Developing the evidence base to address tobacco and cannabis co-use amongst young adults

  • Hannah Walsh

Student thesis: Doctoral ThesisDoctor of Philosophy


Background: Tobacco is the leading cause of preventable death, and cannabis the most frequently used illicit substance worldwide; the two substances are commonly co-used, but rarely co-treated. Co-use appears to be associated with a higher degree of mental health disorders, poor psychosocial outcomes, and lower cessation outcomes compared to single substance use. Tobacco and cannabis are each complex products which are intrinsically linked through co-administration and to a lesser extent concurrent use, but reveal key differences including legality, harms, and treatment responses, which present unique challenges when considering how to address problematic or dependent use of both.

Aim: This work aims to develop the evidence base for an intervention to address tobacco and cannabis co-use.

Methods: Three studies were conducted; first, a systematic review of co-use interventions, which included single substance use interventions which measured both substances pre and post intervention. Uncontrolled studies were reviewed using narrative description, and treatment effects on tobacco and cannabis cessation and reduction were meta-analysed using Bayesian methods. Second, an online questionnaire survey of young adults in three further education settings was conducted, using the Capability, Opportunity and Motivation behaviour change model to structure the content. Detailed co-use, demographic and personal factors were collected, and regression analysis used to identify factors predictive of quitting behaviours. Third, a qualitative interview study with young adults recruited via the survey explored experiences of and attitudes towards quitting either or both tobacco and cannabis. Data were analysed using Framework method. Finally, results from all three studies were synthesised and indicated intervention opportunities presented.

Results: The systematic review included 20 studies, 11 of which were included in the meta-analysis. Only six co-use interventions have been developed or tested and none could be included in the meta-analysis, although they do appear feasible. Bayesian meta-analysis showed that treatment effects were not seen on tobacco cessation (RR 1.10, CrI [0.68, 1.87]) nor on cannabis cessation overall (RR 1.48, CrI [0.92, 2.49]), although in subgroup analysis by intervention target, a small significant effect was seen on cannabis cessation in multi-substance interventions (RR 2.19, CrI [1.10, 4.36]) but not in cannabis targeted interventions. More studies required to test the efficacy of co-use interventions and measurement of co-use requires further development and should be included in single substance interventions.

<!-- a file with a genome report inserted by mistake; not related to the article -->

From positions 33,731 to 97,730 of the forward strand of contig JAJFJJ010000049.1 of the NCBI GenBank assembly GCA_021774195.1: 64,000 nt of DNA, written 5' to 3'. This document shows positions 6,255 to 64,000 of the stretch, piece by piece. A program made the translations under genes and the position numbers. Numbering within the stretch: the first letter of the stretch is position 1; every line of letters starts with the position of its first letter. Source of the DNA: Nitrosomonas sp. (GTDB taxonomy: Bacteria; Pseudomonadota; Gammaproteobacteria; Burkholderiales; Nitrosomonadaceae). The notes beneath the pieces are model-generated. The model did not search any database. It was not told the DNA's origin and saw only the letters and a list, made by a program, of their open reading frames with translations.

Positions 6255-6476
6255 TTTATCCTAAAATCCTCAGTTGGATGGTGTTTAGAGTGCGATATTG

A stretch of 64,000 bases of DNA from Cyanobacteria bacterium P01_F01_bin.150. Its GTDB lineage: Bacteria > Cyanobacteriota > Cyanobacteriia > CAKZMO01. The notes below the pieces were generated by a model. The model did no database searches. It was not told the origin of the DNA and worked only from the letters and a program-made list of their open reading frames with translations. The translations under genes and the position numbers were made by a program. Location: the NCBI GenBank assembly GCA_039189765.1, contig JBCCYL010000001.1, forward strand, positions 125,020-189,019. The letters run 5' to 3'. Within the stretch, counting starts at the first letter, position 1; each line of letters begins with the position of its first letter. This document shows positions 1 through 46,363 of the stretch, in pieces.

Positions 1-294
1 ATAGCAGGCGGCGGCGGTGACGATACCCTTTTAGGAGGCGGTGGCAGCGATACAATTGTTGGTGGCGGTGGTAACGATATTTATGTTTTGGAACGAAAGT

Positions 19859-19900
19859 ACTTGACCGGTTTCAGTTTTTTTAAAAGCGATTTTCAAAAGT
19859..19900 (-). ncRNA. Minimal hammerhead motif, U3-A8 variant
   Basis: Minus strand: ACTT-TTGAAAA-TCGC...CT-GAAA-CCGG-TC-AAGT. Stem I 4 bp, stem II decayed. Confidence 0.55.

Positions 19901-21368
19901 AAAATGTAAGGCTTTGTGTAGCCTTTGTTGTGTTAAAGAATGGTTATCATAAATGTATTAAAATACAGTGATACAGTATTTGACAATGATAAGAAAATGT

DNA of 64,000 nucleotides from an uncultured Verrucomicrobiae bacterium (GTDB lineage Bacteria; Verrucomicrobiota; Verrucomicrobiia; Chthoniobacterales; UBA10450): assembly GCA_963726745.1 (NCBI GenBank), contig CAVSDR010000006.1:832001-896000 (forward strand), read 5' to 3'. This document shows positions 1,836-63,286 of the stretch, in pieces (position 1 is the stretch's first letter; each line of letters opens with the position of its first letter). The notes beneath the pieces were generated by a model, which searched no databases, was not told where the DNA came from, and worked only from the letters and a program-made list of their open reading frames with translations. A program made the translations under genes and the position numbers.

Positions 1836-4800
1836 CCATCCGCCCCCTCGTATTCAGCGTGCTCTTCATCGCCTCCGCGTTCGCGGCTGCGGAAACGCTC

The survey showed that amongst a sample of n=141 young adult co-users, over three quarters (77%) reported experiencing a mental health problem. Most (75%) consumed cannabis in a joint with tobacco, and a third (33%) usually used high potency cannabis. Motivation to quit tobacco was much higher than for cannabis, and 60% had no intention to quit cannabis. Multivariable models of quitting behaviours indicated that being LGBTQ+ decreased the likelihood of engaging in tobacco quitting behaviour (OR 2.60, CI 1.14-5.93, p=0.023), as did living in a deprived area (OR 1.31, CI 1.09-1.57, p=0.004). No individual factors were predictive of cannabis quitting behaviour.

The qualitative interview study identified a range of influences on both use and quitting for tobacco, cannabis and co-use; 18 young adults were interviewed. Cannabis was considered both a source and salve of mental health problems, and a rich, two-way relationship was described. Family, peers and relationships played an important role in initiation, maintenance and supporting quit attempts for both tobacco and cannabis. Young adults practised cannabis harm reduction, including co-administration as a form of this, although sometimes based on erroneous beliefs; they sought information to inform this but found this lacking, so developed their own knowledge and understanding based on personal and peers’ experiences, and online sources. By contrast they had a broad understanding of tobacco-related harm. Findings from all three studies were synthesised, and where indicated, potential intervention opportunities were described.

Conclusions: The findings from this thesis make a unique contribution to the expanding literature on co-use, reaching beyond existing evidence on co-use prevalence and harms to consider how to address problematic and dependent use employing mixed methods. The findings demonstrate the complexity of the relationship, explore harm reduction methods and identifying additional risk factors which require further investigation. Opportunities to intervene are required and identified in this thesis; further research is required to develop acceptable and feasible interventions amongst young adults in the UK.
Date of Award1 Jun 2023
Original languageEnglish
Awarding Institution
  • King's College London
SupervisorAnn McNeill (Supervisor) & Maria Duaso (Supervisor)

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